It sucks, actually. Were I able to write in a nice quiet room, I’d be living the easy life. No throwing away bucks on drinks, no snarling at loud gabbers at the adjacent seat, no spending 15 minutes trying to wedge a couple of cardboard drink holders beneath the weak leg on a wobbly table, no hoping Panera’s fireplace is working. I’d simply wake up, drive the kids to school, come home and plop down in my basement office.
I can’t write at home. Just can’t. Too many distractions. The TV, the fridge, the XBox, the bed, the kids, the dog, the ticking clock, the photo albums. Hence, I’ve spent much of my life as a hobo writer, bouncing from Starbucks to Cosi to Panera to Tea Leaf to the Mirage Diner. It’s the story of my existence; an endless, Moses-like walk across the desert.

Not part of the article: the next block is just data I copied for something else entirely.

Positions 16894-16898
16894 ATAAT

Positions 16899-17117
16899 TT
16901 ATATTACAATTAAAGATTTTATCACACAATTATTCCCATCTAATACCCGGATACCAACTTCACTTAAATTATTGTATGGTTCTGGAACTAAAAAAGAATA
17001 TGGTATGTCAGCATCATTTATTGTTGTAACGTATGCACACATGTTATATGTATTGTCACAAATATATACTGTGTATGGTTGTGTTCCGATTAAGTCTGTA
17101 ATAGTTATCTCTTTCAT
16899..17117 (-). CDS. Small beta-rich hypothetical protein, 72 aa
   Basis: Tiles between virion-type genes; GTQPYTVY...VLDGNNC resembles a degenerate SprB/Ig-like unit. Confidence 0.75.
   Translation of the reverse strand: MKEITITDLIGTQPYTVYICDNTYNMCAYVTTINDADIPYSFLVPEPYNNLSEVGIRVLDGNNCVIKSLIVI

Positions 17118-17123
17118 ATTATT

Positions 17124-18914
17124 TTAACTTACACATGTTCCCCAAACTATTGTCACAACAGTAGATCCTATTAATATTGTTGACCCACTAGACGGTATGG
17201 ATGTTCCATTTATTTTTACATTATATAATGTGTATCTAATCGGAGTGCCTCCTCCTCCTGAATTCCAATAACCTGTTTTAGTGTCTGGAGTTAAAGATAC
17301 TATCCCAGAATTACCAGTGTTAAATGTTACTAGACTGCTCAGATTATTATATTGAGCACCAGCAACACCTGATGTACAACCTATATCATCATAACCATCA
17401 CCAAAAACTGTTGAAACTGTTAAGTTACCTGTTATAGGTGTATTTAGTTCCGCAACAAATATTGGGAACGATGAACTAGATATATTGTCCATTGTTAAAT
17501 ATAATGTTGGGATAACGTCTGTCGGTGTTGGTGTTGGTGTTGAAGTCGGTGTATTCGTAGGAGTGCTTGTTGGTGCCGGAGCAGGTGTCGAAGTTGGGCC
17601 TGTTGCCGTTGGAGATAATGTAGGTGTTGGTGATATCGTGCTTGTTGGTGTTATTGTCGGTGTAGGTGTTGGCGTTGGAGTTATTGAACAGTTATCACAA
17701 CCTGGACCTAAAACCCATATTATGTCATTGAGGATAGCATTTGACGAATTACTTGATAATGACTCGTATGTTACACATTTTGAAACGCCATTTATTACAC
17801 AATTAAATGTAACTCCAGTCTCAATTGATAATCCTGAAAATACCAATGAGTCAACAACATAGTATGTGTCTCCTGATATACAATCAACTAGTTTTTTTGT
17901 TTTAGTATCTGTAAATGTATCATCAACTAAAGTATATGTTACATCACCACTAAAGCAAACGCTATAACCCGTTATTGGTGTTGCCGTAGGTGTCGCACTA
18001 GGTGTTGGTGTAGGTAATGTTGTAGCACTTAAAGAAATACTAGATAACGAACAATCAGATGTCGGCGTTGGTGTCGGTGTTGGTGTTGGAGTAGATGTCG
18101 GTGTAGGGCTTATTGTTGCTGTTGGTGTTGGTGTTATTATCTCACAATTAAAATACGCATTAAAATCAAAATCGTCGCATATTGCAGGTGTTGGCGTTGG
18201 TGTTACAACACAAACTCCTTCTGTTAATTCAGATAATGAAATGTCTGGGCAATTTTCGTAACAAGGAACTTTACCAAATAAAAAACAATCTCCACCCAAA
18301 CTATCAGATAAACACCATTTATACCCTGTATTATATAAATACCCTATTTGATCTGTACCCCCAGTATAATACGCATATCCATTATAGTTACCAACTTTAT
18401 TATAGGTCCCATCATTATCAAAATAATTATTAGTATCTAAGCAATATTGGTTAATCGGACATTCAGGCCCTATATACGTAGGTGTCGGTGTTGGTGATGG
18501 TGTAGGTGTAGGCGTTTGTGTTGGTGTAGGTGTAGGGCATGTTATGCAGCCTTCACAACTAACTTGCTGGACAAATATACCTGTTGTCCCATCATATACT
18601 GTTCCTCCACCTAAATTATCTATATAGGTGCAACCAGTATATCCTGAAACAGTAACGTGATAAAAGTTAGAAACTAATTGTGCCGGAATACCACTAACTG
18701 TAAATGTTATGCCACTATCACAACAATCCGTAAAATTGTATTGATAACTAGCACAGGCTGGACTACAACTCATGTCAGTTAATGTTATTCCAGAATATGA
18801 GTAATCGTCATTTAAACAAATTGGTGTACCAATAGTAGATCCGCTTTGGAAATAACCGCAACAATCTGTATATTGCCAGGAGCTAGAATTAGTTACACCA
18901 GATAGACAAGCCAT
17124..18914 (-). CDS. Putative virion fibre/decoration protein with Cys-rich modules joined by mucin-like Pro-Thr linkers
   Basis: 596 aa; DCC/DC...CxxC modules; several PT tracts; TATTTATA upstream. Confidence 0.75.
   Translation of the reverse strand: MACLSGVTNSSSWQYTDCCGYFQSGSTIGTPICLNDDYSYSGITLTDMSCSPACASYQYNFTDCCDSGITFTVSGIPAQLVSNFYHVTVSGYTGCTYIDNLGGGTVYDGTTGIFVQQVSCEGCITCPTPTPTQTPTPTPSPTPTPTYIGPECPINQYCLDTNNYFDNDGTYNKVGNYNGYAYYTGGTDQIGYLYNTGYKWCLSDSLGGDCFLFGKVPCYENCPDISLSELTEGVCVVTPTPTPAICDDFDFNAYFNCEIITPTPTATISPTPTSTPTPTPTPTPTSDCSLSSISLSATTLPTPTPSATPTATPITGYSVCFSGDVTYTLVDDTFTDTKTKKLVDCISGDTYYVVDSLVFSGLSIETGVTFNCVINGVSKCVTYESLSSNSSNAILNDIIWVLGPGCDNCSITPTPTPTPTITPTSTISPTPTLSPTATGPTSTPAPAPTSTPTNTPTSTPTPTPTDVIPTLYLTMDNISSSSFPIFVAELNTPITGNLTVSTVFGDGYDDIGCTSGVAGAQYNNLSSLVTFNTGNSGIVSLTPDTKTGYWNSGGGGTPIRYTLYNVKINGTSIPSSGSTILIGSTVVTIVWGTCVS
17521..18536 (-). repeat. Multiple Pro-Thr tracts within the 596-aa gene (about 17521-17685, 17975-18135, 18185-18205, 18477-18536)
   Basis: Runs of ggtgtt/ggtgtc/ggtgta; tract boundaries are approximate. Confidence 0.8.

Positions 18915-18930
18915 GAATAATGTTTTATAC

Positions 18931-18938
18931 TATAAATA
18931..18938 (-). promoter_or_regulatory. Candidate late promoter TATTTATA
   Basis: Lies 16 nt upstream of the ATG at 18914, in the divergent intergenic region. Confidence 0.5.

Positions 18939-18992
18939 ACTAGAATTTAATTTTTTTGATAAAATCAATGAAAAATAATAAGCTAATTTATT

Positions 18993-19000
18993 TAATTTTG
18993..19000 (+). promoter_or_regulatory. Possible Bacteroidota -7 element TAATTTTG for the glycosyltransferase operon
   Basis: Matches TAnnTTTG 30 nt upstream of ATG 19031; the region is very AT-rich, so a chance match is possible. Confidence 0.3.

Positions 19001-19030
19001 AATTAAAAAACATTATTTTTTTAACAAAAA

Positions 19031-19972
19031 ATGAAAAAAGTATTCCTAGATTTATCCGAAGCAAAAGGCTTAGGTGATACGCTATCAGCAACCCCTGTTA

And yet, once every year I find paradise. It’s here, in Howley’s, a small diner/restaurant in West Palm Beach. Whenever we come down to visit the inlaws, I sneak out one or two nights, drive 20 minutes south and park myself at a corner table. The music is loud, the decor confusing, the food expensive (but friggin’ good), the clientele heavily tattooed and, generally, half my age. Something, though, just clicks. I’m comfortable here; happy here. The words flow, the sentences run. I wish I knew how to bottle this, but … I don’t. Best comparison—my dog Norma’s favorite toy is a mangled green bat. She has nicer items, cooler items. But the bat works.
One more thing—writing in bars/restaurants/cafes evokes an old feeling to me. Hemingway, perhaps. Or Hunter S. Thompson. The idea of these guys sitting in a bar, sipping a bourbon, just pouring out words. I’m no fool—I’m not of their class or ilk. But, every so often, I like to think about them; think that they’d approve of me being here, and not at a kitchen table.